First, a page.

"Lizzie Bright and the Buckminster Boy" was a thrilling novel to read, filled with enough reality to reach out and touch a person's heart. It was a book that made me feel that I was living in the same time period as Turner Buckminster, that I felt all of the trials and tribulations he went through as he felt them himself in the novel. The language of the story was so descriptive and methodical, for example, the way everything from Malaga Island in its entirety to the short choppiness of a wave was described really allowed me as the reader to dive right in and fully envision the setting. By the end of the story, I had a vivid mental picture of what the inside of Mrs. Cobb's house, the cliffs at the New Meadows, Malaga Island, and the faces of Lizzie, Turner, Minister Buckminster, and Mrs. Cobb looked like - as long as a novel can accomplish this, it is great in my eyes. The characters were also believable, relatable, and well-developed. Turner and his various encounters with the society of Phippsburg was a relatable concept almost every child can relate to - doing something with good intentions, but not receiving praise because other people don't know your perspective. The plot was organized and purposeful, having a soft beginning and then building up in the last segment in the book to the expected deaths of Mrs. Cobb and Reverend Griffin, to the completely unexpected deaths of Reverend Buckminster and Lizzie ending the story. There were many big ideas of this novel, including the essence of needing to cherish the things in life that matter most, which Turner shows happen not to be what Phippsburg's idea of a minister's boy should be. Sometimes life is about touching a whale, or sneaking to a forbidden area of town to learn about clams or saving people that are being harshly and unnecessarily moved out of their homes. It also sends a message about what life was like for the average African-American in the segregation era. In conclusion, I would not only recommend this novel to young readers, (4th-5th grades) but I would require it as a teacher.
  dcully1 | Feb 26, 2014 |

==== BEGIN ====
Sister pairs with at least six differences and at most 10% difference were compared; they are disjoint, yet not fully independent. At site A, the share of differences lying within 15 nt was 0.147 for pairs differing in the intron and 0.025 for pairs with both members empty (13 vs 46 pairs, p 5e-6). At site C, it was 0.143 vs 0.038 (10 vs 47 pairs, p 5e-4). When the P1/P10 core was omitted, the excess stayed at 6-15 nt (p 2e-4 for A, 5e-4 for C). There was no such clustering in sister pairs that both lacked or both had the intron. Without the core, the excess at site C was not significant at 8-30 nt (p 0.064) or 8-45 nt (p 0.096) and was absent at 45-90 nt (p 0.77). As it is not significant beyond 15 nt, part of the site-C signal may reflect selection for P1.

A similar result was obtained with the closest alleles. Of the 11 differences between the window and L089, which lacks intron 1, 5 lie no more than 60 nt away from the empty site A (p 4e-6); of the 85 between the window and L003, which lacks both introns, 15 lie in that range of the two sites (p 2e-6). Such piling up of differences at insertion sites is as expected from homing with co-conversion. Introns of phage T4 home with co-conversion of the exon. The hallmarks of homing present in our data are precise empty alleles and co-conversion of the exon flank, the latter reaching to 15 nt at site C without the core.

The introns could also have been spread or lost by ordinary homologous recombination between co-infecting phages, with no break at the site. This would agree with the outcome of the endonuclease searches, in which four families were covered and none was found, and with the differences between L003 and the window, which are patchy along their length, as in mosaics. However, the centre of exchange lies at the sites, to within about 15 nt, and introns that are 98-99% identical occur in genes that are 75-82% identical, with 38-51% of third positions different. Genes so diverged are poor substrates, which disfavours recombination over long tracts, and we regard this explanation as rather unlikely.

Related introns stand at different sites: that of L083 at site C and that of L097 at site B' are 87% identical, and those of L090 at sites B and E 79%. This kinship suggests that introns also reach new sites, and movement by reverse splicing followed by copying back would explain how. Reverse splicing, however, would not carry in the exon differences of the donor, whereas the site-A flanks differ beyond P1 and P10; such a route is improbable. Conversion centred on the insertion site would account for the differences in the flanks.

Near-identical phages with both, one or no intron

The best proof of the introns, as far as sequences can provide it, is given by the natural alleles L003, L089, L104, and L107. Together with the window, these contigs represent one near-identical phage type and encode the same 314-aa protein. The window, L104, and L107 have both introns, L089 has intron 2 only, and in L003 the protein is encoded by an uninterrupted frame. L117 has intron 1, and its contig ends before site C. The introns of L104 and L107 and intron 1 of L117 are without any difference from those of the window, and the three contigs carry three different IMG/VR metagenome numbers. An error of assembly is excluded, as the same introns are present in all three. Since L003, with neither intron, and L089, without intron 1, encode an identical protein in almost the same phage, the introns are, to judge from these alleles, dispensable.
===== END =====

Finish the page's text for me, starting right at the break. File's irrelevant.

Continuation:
I really enjoyed reading this book. One thing that made this book extremely interesting was the descriptive language. The author constantly uses descriptive language throughout the book, particularly when describing the scenery. For example, chapter nine starts with, “A round and golden moon rolled low along the horizon for the next few days, too huge and weighty to rise up any higher into the sky.” The author’s descriptive vocabulary made the story very engaging and I felt as though I could perfectly imagine every scene. I also think the characters in this story were very well-developed. I was particularly intrigued by Turner and his father, Reverend Buckminster. Their characters were extremely realistic and you are able to see the changes in their relationship and individual character overtime. For example, Reverend Buckminster’s actions and comments towards his son in the beginning of the book are very cold and it is almost as if he is ashamed to have him as a son. By the end of the story, Reverend Buckminster is standing up for his son against Mr. Stonecrop and others in the town, and he ends up losing his life defending him. Turner’s character also evolves throughout the book and the author wrote the story in a way that made it possible for the reader to go through Turner’s journey with him. He did a wonderful job explaining the different emotions Turner felt throughout the book. For example, it is clear that Turner felt a deeper meaning when describing that he saw something in the Whale’s eyes and in his father’s eyes. By the end of the story you are able to see that he was finally able to identify what that meaning was. I think that the explanations of Turner’s inner thoughts also helped the reader better understand his character by revealing how you interpreted and felt about all of the events that took place. Another thing that I really liked about this book was the plot. There were many situations in the story that were suspenseful and made me want to continue reading. Some suspenseful events include when we find out that Mrs. Cobb left her house to Turner, when Lizzie is hurt and the two of them are stuck at sea, and when Turner hears someone in Mrs. Cobb’s house towards the end of the story. The plot also has many broader conflicts that are dealt with over a longer period of time. For example, for the majority of the book I wondered what would happen to Lizzie Griffin and the other people living on Malaga Island. There were also times when the story moved at a slower pace, which I believe provided some relief from all of the other complicated situations taking place. For example, I thought that the times when Lizzie and Turner would go to Mrs. Cobb’s house portrayed this slower pace and lightened the mood. I believe that the overall message of this story is that it is important to be your own person and to stand up for what you believe in; even if the majority does not agree. ( )